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Unstructured hexahedral non-conformal mesh generation

Tuesday, 20 December, 2005 - 16:00
Campus: Brussels Humanities, Sciences & Engineering campus
K
auditorium P. Janssens
Konstantin Kovalev
phd defence

Mesh generation is a process of spatial subdivision of a generally complex domain into
simple-shaped sub-volumes of pre-defined topology. These sub-volumes are usually
referred to as mesh elements or cells. Elements of a mesh are connected to each other,
they do not intersect with each other and cover the entire domain.

The problem of generation of computational meshes arose as a pre-requisite for
numerical analysis of physical phenomena. When computational power of new
computers increased sufficiently for modeling physics using discrete approaches such as
finite-difference, finite-volume and finite element methods, spatial discretization emerged
as a critical issue. On one hand, all requirements of numerical methods for computational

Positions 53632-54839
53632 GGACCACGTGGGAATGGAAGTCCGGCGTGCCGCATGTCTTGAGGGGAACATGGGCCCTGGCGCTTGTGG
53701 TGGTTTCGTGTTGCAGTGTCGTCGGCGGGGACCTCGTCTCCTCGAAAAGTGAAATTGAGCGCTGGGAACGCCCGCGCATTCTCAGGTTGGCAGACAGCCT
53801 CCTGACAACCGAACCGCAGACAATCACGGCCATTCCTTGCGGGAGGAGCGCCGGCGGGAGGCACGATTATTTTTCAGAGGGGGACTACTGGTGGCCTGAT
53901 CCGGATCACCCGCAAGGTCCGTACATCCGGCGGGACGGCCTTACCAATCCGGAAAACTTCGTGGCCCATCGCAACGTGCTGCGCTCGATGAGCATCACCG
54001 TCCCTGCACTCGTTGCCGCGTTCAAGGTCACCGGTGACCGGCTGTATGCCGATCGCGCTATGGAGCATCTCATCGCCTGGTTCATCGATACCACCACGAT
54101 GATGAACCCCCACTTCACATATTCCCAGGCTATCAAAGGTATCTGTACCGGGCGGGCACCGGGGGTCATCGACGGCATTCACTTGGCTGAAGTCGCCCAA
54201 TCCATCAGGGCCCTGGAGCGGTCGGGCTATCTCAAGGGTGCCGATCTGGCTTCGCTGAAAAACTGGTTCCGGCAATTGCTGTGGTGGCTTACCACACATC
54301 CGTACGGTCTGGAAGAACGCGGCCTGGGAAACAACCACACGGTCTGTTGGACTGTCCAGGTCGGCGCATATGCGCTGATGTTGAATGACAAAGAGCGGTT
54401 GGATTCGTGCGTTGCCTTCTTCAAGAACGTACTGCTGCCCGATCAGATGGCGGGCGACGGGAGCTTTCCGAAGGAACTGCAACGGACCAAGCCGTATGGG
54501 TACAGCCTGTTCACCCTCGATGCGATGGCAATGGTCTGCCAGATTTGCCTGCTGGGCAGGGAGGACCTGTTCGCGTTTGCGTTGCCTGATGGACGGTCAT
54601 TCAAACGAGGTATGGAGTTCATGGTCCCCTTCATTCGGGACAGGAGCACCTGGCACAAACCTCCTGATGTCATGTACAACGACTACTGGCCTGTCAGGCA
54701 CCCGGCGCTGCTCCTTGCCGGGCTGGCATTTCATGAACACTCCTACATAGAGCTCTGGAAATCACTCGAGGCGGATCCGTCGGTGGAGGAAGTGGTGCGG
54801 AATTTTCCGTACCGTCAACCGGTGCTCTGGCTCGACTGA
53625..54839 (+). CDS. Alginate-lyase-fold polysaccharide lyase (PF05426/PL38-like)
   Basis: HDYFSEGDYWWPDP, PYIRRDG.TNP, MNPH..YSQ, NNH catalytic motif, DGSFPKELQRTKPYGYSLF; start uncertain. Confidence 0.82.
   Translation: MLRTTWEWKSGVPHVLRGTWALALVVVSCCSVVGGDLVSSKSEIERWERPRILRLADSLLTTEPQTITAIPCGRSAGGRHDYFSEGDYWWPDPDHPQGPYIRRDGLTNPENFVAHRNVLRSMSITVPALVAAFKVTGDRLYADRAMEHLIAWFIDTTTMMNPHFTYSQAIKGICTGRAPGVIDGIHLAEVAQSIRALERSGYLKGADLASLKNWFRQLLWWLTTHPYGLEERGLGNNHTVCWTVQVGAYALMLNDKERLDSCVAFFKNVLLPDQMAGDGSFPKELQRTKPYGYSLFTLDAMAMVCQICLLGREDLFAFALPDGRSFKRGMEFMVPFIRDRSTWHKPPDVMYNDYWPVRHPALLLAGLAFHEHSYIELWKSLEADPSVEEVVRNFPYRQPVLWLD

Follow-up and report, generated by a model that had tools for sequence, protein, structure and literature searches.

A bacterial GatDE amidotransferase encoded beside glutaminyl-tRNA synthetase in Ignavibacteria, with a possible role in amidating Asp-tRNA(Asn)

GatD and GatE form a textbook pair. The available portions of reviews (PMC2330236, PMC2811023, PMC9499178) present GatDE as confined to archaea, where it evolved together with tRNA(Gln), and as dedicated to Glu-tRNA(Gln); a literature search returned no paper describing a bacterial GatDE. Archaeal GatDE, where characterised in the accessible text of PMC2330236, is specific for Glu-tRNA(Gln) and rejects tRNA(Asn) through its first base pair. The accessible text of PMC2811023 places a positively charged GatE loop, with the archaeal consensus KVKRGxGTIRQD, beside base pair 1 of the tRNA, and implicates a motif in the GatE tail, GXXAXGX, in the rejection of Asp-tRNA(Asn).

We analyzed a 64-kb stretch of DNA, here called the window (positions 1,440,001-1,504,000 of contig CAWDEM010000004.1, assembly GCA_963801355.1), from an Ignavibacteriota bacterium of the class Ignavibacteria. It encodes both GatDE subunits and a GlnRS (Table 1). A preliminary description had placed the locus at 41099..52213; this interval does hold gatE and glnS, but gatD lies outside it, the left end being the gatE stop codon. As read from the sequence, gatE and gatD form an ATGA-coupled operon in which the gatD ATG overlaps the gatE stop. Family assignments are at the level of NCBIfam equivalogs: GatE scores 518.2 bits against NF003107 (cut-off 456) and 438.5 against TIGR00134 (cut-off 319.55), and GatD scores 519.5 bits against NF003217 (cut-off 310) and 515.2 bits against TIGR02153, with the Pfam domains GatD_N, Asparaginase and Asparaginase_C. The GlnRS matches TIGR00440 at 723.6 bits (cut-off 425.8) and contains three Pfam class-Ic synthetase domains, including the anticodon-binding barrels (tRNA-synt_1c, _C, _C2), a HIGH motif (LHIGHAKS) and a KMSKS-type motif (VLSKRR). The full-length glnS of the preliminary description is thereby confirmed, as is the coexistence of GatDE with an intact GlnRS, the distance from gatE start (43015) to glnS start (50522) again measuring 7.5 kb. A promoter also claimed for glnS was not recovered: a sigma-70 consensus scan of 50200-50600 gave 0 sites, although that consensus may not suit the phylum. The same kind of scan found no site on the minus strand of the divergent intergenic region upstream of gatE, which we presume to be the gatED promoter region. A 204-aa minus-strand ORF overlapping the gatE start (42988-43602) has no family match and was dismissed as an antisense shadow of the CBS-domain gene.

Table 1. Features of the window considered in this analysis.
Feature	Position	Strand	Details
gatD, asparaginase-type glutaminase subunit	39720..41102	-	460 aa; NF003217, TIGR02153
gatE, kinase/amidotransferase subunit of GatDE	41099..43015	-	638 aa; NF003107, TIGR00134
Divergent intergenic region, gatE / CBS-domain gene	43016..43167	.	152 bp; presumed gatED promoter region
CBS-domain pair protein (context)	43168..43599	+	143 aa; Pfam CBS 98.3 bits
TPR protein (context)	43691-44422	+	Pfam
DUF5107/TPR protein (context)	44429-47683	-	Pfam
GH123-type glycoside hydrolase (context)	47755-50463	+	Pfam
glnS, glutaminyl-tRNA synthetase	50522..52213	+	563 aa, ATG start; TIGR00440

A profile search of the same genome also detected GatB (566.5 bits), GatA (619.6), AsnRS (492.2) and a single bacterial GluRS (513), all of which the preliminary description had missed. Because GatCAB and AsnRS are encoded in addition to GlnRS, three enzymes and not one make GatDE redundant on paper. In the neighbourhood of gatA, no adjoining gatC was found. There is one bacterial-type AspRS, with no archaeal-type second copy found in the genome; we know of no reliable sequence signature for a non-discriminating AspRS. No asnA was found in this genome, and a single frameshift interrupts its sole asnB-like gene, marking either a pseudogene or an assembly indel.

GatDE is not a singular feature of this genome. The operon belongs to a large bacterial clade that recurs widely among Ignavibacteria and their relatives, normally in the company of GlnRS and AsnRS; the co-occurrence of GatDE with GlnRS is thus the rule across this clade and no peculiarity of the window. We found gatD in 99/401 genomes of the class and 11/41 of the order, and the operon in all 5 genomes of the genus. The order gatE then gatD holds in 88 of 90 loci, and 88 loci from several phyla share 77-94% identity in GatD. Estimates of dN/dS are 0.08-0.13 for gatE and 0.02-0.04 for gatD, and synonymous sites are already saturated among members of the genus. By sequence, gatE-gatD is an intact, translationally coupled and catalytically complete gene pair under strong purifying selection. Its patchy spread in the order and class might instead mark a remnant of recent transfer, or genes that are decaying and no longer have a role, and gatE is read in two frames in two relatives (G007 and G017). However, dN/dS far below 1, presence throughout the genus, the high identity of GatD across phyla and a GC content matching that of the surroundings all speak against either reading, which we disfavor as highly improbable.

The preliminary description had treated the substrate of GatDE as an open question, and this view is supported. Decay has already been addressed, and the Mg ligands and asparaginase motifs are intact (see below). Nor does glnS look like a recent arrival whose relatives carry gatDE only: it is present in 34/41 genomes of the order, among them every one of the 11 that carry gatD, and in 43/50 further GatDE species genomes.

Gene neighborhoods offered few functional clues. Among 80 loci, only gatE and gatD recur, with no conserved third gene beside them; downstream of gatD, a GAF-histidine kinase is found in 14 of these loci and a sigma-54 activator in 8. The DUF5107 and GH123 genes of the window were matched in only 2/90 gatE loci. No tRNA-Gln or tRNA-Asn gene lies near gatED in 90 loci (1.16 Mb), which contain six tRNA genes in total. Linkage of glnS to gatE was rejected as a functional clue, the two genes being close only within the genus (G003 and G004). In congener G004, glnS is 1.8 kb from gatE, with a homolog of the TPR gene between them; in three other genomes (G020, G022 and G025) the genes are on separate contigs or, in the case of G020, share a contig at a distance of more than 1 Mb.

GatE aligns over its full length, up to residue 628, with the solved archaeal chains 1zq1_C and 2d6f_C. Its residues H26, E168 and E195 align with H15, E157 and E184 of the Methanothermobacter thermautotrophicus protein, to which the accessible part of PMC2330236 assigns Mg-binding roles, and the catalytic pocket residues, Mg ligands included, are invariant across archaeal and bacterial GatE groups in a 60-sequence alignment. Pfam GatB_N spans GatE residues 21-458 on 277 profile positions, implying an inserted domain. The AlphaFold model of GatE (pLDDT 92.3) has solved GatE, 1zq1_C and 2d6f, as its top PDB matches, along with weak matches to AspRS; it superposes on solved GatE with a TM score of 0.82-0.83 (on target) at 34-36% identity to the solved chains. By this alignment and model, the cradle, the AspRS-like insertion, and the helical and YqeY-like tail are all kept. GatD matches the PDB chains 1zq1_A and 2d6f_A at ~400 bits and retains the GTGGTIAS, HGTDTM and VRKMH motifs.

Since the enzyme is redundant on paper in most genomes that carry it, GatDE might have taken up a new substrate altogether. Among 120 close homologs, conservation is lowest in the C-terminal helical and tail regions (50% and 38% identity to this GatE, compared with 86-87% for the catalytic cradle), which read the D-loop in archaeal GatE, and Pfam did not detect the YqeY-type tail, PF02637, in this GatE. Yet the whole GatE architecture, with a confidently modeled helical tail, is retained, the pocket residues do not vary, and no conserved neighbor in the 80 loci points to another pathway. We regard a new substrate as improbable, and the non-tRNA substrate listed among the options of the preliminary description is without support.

meshes should be met during mesh generation. For example, these requirements may
include limitations on types of elements allowed in the mesh, on mesh quality, or on
connectivity between mesh elements. On the other hand, meshing tools should be capable
of successful treatment of the widest possible class of geometries. These two factors
provide a perpetual challenge for creators of mesh generation tools for numerical
analysis

The recent evolution of numerical analysis and design methods, combined with quickly
growing range of simulated phenomena and the constantly increasing complexity of
involved geometries, provide a high demand for powerful automatic meshing tools.
Meshing became a necessary component of industrial design loops and a decrease in its
cost is as important as that of other components. Moreover, meshing fills the gap between
geometry processing in CAD systems and numerical analysis. Therefore, automation is
the ultimate direction of evolution of up-to-date mesh generation tools.

Although the problem of automatic tetrahedral mesh generation has practically been
solved and is successfully employed in the industry, there is still a high degree of interest
in fully automatic hexahedral mesh generation. An obvious reason is that hexahedral